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New Economic Geography meets Comecon: Regional Wages and Industry Location in Central Europe

  • Marius Brülhart
  • Pamina Koenig

We analyze the internal spatial wage and employment structures of the Czech Republic, Hungary, Poland, Slovenia and Slovakia, using regional data for 1996-2000. A new economic geography model predicts wage gradients and specialization patterns that are smoothly related to regions' relative market access. As an alternative, we formulate a "Comecon hypothesis", according to which wages and sectoral location are not systematically related to market access except for discrete concentrations in capital regions. Our estimations confirm the ongoing relevance of the Comecon hypothesis: compared to pre-2004 EU members, Central European countries' average wages and service employment were still discretely higher in capital regions. Our results point towards an increase in relative wages and employment shares of Central Europe's provincial regions, favoring particularly those that are proximate to the large markets of incumbent EU members.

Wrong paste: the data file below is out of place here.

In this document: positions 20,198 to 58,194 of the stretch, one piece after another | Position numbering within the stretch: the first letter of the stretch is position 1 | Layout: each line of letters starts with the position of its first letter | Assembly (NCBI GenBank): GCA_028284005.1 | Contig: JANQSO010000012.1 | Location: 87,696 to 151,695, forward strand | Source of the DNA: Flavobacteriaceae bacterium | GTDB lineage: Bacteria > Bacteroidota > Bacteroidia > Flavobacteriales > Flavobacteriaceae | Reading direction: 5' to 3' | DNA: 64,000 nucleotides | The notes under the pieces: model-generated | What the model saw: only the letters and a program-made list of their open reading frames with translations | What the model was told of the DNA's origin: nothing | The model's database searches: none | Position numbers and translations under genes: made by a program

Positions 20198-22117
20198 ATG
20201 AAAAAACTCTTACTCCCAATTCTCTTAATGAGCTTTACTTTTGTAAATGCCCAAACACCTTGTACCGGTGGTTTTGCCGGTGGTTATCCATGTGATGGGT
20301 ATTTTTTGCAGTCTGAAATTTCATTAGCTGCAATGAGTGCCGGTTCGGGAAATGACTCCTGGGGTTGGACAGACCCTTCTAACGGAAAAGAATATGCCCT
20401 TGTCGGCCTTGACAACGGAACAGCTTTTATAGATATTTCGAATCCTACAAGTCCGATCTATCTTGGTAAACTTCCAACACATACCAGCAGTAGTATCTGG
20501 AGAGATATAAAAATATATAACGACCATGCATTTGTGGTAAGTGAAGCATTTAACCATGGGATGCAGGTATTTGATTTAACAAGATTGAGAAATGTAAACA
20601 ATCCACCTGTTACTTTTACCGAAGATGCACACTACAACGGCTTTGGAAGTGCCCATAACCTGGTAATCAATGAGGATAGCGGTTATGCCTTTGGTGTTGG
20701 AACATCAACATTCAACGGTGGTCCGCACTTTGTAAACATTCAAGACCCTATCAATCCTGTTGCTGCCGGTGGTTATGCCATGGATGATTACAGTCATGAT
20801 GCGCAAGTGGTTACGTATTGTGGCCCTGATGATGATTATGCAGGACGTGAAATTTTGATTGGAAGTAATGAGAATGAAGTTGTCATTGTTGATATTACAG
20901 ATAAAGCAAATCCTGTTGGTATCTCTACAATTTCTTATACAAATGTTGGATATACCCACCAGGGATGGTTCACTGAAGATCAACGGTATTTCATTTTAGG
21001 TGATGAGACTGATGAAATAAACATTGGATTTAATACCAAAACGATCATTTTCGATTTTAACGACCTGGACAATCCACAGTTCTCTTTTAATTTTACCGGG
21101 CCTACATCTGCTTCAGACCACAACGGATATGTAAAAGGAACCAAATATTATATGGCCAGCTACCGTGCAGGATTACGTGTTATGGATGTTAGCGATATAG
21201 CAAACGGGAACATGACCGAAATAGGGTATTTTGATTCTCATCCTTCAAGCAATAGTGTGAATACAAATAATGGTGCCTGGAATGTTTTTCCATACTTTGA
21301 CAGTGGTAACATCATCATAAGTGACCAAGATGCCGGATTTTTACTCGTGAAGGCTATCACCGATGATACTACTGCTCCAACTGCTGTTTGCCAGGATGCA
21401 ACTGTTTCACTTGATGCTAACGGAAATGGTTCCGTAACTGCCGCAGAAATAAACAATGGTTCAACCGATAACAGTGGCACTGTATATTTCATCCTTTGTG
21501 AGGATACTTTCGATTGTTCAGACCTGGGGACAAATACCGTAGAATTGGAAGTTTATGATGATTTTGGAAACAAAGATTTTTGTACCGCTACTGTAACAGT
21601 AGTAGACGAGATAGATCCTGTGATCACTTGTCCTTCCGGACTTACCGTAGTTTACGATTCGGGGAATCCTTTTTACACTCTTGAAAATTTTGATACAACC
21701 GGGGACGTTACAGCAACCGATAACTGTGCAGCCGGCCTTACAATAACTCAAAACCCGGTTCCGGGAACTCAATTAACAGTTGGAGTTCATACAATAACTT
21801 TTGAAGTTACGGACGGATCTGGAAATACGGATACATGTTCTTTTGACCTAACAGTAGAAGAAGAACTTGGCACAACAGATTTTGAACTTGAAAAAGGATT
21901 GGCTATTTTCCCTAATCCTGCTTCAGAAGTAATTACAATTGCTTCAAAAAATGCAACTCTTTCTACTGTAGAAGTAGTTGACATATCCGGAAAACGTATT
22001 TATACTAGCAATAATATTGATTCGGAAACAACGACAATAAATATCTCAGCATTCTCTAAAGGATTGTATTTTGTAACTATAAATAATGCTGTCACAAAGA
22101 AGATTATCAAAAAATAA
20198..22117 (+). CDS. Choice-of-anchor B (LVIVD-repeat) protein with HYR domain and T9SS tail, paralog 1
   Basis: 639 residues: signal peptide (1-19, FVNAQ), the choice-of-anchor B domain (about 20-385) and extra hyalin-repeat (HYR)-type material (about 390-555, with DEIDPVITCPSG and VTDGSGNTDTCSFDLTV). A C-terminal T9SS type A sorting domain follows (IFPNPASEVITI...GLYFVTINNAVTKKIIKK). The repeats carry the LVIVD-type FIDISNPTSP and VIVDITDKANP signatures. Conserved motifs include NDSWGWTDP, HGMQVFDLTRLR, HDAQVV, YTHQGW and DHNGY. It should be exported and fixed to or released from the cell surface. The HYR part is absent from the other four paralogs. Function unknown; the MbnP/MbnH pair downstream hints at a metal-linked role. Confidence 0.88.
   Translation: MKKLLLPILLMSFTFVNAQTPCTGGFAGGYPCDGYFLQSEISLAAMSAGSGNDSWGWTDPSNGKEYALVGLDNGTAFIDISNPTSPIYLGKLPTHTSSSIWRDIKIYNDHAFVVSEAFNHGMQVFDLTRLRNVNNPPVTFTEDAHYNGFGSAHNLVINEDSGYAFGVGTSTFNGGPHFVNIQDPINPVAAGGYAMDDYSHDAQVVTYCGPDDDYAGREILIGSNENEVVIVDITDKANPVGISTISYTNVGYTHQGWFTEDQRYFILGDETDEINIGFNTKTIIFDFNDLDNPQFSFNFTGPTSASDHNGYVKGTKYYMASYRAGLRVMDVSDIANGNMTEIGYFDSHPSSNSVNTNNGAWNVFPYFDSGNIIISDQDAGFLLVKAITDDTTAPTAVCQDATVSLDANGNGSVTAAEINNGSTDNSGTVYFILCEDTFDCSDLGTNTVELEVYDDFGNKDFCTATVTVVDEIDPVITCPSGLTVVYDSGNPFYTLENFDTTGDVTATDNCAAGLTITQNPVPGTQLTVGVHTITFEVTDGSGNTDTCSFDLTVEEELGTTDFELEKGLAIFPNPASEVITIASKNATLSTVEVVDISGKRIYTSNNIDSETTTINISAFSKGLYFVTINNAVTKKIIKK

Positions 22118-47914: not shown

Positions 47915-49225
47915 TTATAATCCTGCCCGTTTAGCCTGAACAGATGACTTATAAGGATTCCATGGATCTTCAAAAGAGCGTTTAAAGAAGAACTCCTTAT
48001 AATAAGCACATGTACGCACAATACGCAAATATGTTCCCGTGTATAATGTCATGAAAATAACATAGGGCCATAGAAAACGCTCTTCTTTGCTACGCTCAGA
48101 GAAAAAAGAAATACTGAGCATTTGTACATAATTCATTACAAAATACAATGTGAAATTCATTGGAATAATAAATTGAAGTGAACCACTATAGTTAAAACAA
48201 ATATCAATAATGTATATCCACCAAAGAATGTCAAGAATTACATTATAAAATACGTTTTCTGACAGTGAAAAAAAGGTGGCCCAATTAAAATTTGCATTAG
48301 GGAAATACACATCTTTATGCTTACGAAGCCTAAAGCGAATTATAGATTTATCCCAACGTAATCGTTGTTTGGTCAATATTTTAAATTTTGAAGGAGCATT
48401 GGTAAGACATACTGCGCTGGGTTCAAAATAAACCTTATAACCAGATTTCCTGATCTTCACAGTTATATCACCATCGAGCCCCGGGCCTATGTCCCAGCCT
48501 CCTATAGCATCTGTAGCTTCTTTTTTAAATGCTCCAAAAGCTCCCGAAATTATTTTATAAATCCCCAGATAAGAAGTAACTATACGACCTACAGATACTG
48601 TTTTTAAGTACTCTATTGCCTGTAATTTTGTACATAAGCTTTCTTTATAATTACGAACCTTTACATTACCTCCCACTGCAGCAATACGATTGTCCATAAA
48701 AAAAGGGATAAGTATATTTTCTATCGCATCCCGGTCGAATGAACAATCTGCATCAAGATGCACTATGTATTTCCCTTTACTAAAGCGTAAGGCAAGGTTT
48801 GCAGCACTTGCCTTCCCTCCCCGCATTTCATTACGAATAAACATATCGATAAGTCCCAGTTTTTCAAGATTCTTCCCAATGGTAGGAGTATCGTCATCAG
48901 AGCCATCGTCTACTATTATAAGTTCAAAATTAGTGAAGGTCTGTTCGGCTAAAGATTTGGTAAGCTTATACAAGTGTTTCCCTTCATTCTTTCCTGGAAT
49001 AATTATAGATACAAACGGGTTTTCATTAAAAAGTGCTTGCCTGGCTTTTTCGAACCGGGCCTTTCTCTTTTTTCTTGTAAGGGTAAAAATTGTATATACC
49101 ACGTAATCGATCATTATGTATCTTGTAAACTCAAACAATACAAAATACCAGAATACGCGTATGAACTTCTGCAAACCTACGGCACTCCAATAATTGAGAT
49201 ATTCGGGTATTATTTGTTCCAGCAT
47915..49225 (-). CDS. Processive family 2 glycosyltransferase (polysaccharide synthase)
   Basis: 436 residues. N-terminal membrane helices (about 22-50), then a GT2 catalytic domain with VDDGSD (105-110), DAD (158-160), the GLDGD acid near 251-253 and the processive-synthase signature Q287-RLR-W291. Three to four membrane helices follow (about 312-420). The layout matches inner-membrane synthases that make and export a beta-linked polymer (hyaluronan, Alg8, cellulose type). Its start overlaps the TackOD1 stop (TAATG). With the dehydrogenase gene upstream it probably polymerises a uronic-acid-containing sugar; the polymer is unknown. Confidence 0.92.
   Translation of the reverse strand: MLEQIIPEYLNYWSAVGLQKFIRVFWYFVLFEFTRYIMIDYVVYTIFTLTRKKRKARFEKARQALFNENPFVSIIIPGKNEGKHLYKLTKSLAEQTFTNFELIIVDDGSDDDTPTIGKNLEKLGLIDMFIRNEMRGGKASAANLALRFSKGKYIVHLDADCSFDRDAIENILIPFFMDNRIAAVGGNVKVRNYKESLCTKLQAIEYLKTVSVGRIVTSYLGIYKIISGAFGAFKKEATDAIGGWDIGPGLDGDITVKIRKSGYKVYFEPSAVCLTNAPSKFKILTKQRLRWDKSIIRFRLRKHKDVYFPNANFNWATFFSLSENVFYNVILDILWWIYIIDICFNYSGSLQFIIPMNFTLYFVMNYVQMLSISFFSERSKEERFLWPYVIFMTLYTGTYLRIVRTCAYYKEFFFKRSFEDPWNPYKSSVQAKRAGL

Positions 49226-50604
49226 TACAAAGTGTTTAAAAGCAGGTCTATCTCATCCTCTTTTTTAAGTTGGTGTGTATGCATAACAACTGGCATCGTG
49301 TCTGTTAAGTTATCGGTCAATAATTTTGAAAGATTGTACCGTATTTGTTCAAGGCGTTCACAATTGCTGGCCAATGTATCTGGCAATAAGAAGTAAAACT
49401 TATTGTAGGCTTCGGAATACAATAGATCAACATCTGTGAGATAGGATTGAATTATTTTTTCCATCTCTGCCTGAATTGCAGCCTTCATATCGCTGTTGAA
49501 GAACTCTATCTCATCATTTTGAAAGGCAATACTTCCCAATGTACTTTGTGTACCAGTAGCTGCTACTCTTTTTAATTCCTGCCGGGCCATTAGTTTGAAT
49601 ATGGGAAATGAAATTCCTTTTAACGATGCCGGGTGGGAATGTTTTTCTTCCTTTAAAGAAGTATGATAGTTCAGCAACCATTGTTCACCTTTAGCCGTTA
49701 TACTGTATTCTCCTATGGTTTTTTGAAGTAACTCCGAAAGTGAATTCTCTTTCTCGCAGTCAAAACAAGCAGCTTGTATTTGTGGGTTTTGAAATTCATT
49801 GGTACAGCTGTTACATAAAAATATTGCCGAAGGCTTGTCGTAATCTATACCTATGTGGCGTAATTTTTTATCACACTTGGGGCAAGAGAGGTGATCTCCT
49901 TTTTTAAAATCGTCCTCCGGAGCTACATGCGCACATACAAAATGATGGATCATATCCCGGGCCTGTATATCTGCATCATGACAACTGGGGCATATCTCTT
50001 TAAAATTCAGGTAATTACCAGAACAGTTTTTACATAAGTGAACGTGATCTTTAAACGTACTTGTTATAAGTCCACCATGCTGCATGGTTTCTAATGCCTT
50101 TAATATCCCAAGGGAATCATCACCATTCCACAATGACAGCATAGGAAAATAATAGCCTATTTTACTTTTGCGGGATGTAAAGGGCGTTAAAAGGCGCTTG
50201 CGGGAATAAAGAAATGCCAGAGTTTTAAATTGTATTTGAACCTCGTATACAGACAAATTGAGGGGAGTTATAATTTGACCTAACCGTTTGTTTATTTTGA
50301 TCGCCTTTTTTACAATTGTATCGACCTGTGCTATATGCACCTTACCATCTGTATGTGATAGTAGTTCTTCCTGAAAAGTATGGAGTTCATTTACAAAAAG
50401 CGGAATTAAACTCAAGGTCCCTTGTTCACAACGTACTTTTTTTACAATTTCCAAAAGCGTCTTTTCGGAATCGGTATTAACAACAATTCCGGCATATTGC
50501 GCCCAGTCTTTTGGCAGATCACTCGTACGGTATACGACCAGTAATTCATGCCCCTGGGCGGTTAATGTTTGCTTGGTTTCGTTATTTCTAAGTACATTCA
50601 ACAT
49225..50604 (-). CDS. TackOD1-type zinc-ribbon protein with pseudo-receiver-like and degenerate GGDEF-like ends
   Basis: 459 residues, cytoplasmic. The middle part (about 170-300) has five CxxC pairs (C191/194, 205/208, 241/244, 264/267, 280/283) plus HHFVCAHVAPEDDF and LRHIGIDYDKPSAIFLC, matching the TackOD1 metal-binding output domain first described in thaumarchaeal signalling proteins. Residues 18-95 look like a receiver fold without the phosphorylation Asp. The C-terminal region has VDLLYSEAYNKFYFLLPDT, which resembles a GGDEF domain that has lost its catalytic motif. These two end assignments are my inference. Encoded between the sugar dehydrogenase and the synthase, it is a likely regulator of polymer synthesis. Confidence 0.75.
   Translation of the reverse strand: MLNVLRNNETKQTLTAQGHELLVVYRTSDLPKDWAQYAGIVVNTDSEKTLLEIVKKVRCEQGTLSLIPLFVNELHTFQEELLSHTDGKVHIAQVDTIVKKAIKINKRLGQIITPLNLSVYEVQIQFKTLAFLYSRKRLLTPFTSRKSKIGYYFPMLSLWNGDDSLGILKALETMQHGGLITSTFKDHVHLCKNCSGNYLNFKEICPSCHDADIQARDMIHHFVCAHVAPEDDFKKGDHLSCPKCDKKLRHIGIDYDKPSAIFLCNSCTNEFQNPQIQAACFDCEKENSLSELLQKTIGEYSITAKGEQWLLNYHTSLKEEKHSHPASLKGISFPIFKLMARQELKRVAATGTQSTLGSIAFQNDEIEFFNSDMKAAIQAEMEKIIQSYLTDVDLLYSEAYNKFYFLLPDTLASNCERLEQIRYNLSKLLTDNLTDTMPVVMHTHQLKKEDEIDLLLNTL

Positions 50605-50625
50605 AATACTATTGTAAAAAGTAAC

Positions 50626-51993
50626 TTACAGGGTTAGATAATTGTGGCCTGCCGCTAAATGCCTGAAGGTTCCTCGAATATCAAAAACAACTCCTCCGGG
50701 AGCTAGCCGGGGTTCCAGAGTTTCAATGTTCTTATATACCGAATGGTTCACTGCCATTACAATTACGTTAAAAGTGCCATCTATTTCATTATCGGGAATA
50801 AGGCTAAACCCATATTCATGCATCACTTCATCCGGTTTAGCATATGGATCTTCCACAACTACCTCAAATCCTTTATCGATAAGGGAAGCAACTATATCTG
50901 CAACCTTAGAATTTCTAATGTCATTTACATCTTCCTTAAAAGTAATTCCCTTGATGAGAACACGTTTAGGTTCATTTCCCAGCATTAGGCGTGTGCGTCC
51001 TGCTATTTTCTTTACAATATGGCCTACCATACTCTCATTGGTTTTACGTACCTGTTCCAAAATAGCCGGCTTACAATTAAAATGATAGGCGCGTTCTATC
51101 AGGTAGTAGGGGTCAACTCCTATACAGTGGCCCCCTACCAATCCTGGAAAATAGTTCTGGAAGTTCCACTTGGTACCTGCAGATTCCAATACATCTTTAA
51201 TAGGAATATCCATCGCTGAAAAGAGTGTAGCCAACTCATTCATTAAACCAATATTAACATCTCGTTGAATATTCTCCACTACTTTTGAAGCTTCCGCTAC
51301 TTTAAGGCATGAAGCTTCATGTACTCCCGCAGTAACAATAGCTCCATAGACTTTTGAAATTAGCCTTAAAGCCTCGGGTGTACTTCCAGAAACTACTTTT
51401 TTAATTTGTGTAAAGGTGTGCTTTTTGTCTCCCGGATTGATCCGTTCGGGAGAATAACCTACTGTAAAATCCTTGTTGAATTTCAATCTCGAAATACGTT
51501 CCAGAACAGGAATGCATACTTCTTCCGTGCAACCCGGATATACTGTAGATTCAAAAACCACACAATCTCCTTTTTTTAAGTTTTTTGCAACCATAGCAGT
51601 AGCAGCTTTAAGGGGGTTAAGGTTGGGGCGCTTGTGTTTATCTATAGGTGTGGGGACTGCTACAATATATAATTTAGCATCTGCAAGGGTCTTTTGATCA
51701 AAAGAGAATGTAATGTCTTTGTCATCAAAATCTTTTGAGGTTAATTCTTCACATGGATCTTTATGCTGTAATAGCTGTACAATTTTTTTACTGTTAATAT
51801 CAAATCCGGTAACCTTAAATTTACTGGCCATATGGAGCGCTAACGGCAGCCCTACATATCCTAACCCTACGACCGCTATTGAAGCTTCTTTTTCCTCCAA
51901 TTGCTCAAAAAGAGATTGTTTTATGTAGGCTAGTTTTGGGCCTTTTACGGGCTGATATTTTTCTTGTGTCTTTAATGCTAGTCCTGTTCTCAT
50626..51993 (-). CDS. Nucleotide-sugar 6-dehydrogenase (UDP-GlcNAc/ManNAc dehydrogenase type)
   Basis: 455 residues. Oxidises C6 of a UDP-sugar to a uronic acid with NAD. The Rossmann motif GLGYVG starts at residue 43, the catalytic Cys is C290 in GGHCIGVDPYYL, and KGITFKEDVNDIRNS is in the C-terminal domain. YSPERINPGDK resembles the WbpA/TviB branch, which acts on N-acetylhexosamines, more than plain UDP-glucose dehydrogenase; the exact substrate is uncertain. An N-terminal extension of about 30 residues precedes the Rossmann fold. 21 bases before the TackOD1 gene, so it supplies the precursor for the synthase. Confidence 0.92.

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Paper provided by Université de Lausanne, Faculté des HEC, DEEP in its series Cahiers de Recherches Economiques du Département d'Econométrie et d'Economie politique (DEEP) with number 05.01.

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Length: 24 pages
Date of creation: Jan 2005
Date of revision:
Publication status: Published in Economics of Transition, vol. 14 (2), April 2006, pp.245-267
Handle: RePEc:lau:crdeep:05.01
Contact details of provider: Postal:
Université de Lausanne, Faculté des HEC, DEEP, Internef, CH-1015 Lausanne

Phone: ++41 21 692.33.20
Web page: http://www.hec.unil.ch/deep/publications/cahiers/series
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  1. OTTAVIANO, Gianmarco & THISSE, Jacques-François, 1999. "Agglomeration and trade revisited," CORE Discussion Papers 1999041, Université catholique de Louvain, Center for Operations Research and Econometrics (CORE).
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